For intracellular detection of PGS2 by flow cytometry, PBMCs were incubated in FACS buffer with endotoxin-free lyophilized mouse serum (Sigma Chemical Co.) reconstituted in endotoxin-free water (GIBCO BRL; 20 μg/million cells). This was supplemented with 10 μL of autologous human plasma per 100 μL of cell suspension. After 20 minutes, antibodies to surface antigens (e.g., CD14 or the appropriate isotype control antibody) were added to aliquots of cells and incubated for an additional 20 minutes. Cells were then fixed with 4% formaldehyde for 20 minutes. Fixed cells were washed and permeabilized with 0.5% (wt/vol) saponin (Sigma Chemical Co.) in FACS buffer. Anti–PGS2-FITC antibody or isotype antibody control was added, and cells were incubated for 1 hour at room temperature. All tubes were then washed 3 times with saponin buffer and finally suspended in FACS buffer. Flow cytometric analysis was performed using a Becton Dickinson FACSort analyzer, collecting at least 10,000 ungated events. Cells positive for a given antigen were defined as those with a fluorescence intensity above that of cells stained with the corresponding isotype control antibody.
Determination of monocyte activation.
Monocyte activation was determined from fresh PBMCs and from LPS-stimulated samples prepared in the manner just described. CD14+ cells were analyzed for the concomitant expression of the following activation markers: CD69, CD105, DR, and intracellular TNF-α and IL-10.
T-cell activation.
PBMCs were cultured in polypropylene tubes with medium alone or supplemented with 5 μg/mL PHA in the presence or absence of 5 μM of NS398. The cultures were maintained at 37°C in 5% CO2 for 16–24 hours before analysis. PBMCs were analyzed by flow cytometry for CD25 expression on CD3+, CD4+, and CD8+ cells. Supernatants from cultures were analyzed for IL-2 and PGE2 by ELISA. The effects of PG production on cytokine production and CD25 expression were determined by comparing cells cultured with PHA alone with those cultured with PHA and NS398.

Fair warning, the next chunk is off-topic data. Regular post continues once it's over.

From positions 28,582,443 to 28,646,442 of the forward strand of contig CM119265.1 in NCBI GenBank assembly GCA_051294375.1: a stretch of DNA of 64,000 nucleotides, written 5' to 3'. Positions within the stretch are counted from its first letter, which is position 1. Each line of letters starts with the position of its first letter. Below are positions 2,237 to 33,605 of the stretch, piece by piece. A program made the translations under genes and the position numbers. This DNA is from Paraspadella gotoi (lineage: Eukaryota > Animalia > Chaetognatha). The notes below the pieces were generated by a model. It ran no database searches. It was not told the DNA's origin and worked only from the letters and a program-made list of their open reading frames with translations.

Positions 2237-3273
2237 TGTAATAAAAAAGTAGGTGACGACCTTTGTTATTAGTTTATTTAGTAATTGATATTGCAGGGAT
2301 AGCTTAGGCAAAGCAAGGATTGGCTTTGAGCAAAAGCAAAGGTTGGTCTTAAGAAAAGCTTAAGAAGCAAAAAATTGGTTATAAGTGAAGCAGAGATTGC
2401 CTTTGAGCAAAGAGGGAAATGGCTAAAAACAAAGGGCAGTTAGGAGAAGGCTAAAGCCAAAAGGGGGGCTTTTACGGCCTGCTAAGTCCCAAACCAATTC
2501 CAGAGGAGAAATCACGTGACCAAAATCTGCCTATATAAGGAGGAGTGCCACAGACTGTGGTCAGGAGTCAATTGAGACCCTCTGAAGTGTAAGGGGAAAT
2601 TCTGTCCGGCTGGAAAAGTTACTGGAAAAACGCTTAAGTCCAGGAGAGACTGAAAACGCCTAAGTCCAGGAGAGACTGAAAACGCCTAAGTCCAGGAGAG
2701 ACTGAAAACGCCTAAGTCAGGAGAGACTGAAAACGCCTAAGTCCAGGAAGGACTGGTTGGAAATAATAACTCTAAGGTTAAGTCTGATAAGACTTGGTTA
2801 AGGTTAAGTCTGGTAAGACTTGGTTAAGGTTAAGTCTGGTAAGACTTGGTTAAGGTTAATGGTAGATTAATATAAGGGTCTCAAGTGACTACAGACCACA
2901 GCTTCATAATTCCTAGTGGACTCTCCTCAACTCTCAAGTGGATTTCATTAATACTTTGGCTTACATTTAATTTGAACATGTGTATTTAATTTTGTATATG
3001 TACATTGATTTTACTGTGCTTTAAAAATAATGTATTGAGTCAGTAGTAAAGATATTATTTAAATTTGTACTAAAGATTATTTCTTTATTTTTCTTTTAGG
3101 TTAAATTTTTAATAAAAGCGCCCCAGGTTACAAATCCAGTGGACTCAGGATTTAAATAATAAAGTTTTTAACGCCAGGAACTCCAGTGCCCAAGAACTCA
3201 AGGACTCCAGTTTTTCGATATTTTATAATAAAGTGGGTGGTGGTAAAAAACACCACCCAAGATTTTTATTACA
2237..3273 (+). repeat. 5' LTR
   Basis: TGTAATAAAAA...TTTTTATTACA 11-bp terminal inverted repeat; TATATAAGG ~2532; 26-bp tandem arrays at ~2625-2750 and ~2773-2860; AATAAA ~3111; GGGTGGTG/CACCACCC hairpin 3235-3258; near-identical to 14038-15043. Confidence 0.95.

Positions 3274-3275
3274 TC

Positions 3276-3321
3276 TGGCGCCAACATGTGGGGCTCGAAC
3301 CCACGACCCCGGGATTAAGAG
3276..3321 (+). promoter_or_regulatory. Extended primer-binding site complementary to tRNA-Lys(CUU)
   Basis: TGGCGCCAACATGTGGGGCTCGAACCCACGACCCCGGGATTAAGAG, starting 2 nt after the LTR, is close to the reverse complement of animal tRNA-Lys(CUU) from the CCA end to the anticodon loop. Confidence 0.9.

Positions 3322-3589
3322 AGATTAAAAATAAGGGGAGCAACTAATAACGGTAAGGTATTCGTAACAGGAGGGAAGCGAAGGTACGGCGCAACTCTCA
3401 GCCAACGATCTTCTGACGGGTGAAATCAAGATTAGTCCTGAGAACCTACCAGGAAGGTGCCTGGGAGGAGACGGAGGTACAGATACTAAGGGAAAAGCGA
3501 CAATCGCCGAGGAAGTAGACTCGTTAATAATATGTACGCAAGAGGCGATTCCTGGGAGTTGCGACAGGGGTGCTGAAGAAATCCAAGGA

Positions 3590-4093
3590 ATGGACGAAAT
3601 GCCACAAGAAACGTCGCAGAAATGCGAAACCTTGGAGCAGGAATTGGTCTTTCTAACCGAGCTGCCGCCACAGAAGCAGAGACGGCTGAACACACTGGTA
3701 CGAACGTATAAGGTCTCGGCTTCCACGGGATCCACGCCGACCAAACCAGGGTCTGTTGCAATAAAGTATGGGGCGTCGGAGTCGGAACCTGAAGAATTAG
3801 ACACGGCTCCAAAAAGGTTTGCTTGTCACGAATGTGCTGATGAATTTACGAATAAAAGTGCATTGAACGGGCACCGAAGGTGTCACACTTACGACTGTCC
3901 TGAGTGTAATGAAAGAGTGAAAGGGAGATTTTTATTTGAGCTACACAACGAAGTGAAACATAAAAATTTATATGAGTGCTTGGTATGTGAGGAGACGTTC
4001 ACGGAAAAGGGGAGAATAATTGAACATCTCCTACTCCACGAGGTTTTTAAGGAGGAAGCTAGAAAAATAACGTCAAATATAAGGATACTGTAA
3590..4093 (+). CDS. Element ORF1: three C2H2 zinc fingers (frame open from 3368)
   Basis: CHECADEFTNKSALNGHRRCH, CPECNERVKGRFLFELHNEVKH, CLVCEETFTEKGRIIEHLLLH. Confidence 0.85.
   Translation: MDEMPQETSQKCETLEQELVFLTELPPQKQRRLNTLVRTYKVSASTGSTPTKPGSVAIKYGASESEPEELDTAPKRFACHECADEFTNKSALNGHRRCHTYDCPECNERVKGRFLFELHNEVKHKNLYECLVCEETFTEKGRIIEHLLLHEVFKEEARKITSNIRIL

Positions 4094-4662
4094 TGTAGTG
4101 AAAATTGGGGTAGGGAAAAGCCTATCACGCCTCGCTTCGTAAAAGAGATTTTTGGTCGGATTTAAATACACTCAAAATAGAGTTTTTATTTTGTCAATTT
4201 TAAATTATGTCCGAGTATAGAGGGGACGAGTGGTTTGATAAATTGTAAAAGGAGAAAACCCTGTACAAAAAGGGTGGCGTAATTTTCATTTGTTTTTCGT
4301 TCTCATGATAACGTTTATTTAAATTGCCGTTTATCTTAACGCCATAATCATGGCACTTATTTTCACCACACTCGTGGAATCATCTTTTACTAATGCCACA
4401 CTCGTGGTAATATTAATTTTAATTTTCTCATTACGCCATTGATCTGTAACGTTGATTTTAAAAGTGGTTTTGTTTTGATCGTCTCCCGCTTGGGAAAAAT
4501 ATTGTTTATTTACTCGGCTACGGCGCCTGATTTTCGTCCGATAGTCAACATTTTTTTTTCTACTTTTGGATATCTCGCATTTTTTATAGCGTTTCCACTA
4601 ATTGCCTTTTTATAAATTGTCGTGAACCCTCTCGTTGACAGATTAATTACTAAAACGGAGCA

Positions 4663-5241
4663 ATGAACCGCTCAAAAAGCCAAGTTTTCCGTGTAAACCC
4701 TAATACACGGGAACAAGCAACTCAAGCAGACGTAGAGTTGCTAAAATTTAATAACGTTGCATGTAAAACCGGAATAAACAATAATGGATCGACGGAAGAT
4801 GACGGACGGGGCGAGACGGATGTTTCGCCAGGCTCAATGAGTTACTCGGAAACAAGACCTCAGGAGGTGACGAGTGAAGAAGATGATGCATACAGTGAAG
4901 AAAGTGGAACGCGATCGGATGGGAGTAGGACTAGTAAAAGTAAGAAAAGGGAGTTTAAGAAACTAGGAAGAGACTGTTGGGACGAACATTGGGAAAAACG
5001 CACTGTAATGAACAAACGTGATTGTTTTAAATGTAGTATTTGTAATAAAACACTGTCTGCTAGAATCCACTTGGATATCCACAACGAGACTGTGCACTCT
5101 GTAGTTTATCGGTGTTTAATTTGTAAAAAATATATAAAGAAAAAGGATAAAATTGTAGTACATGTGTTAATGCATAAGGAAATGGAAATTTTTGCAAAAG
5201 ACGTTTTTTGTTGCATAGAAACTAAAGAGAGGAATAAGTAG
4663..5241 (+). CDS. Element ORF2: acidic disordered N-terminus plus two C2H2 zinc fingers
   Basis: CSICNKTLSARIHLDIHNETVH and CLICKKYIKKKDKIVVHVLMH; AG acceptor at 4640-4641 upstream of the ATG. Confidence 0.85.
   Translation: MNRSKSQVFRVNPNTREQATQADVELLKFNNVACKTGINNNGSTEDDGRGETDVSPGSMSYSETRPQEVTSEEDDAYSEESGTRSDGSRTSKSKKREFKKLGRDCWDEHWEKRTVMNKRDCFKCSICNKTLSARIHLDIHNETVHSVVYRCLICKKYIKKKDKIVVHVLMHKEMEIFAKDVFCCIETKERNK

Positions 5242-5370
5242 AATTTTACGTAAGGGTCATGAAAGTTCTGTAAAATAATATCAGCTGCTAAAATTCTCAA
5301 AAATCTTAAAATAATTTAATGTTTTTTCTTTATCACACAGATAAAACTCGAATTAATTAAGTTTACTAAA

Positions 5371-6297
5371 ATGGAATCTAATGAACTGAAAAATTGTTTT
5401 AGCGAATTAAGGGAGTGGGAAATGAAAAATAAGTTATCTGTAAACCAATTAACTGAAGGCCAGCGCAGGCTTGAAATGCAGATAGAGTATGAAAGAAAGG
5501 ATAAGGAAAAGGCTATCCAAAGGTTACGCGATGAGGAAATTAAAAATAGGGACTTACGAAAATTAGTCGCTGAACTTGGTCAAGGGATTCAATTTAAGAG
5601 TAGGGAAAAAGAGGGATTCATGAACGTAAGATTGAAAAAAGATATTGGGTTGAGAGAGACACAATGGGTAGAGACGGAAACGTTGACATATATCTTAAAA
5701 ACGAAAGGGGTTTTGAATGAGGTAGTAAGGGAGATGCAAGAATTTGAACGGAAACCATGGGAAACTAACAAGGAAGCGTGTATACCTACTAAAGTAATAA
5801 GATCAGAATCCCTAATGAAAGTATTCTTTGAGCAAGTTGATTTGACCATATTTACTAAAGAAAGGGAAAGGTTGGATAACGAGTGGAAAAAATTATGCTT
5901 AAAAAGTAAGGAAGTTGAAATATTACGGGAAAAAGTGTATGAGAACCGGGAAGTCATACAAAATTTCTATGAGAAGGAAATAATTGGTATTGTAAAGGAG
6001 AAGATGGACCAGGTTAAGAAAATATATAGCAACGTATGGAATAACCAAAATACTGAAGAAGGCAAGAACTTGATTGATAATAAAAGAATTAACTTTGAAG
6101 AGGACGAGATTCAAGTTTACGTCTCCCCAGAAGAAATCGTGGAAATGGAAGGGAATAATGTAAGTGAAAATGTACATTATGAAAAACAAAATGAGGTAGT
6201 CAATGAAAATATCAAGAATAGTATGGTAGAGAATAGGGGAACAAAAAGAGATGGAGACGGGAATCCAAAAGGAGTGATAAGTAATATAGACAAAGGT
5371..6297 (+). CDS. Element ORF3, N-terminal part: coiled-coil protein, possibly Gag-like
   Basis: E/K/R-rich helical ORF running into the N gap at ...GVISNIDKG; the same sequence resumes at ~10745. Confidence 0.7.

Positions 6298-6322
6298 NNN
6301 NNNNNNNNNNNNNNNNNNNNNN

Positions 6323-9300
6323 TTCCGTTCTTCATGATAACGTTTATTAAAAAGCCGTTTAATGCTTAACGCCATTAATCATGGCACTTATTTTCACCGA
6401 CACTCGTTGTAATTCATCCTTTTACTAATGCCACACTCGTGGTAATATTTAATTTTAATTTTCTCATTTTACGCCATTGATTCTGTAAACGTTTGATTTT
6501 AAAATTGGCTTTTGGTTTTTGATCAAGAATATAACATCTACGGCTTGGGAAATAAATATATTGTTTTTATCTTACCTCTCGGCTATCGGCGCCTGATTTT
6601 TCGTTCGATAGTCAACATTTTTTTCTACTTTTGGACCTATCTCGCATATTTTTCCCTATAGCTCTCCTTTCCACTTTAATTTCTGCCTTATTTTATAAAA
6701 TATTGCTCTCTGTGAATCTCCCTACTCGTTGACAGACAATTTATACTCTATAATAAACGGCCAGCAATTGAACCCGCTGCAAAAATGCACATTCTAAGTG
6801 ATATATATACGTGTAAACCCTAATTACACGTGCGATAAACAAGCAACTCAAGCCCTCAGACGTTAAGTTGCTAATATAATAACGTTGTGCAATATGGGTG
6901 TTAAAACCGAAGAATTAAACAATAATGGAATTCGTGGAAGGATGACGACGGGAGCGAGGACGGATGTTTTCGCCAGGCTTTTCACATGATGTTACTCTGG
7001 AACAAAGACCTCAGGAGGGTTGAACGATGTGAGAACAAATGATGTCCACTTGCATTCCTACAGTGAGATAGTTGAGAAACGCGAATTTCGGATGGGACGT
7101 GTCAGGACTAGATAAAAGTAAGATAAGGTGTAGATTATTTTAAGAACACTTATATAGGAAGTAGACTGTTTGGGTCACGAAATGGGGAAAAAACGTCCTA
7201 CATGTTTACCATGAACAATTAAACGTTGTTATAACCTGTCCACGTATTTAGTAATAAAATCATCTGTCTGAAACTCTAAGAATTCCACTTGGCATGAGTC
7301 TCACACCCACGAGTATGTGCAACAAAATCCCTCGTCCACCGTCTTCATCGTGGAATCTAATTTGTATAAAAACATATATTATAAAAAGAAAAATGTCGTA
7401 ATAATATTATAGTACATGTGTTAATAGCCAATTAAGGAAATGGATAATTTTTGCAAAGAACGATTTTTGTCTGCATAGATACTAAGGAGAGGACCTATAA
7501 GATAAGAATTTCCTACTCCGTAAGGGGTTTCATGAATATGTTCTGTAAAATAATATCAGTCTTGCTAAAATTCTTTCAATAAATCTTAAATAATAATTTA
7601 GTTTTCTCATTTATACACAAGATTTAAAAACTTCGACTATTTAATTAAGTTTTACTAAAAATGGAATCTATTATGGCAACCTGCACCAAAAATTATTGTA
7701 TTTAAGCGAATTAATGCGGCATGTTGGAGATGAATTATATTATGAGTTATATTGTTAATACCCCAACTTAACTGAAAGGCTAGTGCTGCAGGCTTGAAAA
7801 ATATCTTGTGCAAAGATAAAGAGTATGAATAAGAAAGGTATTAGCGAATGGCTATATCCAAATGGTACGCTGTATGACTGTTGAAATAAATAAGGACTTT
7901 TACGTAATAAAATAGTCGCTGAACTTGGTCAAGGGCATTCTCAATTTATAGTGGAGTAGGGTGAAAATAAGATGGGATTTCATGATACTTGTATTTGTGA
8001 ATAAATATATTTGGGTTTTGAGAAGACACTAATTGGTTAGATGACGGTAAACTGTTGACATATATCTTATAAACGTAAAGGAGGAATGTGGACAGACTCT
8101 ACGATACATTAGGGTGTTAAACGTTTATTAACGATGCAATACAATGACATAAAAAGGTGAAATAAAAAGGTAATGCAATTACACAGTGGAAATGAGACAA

Statistical analysis.
A weighted Tobit analysis (45) was used to compare percentiles of controls, relatives, and cases across qualitative data that contained a significant mix of zero and nonzero percentage of PGS2/CD14+ cell data. The Tobit analysis assumes that the nonzero data within each group approximates the uncensored portion above zero of a normal distribution. Because subjects in this study had varying numbers of measurements, ranging from a low of 1 measurement to a high of 20 measurements, a weighting scheme was used. The weighted scheme controlled for the contribution to the log likelihood for each observation; i.e., each subject’s contribution to likelihood was equally weighted, as opposed to each observation being equally weighted. In addition, DQ, DR, IVGTT, and the covariates age and sex were also examined within the same model. A subgroup analysis of the cases was carried out using the same methodology.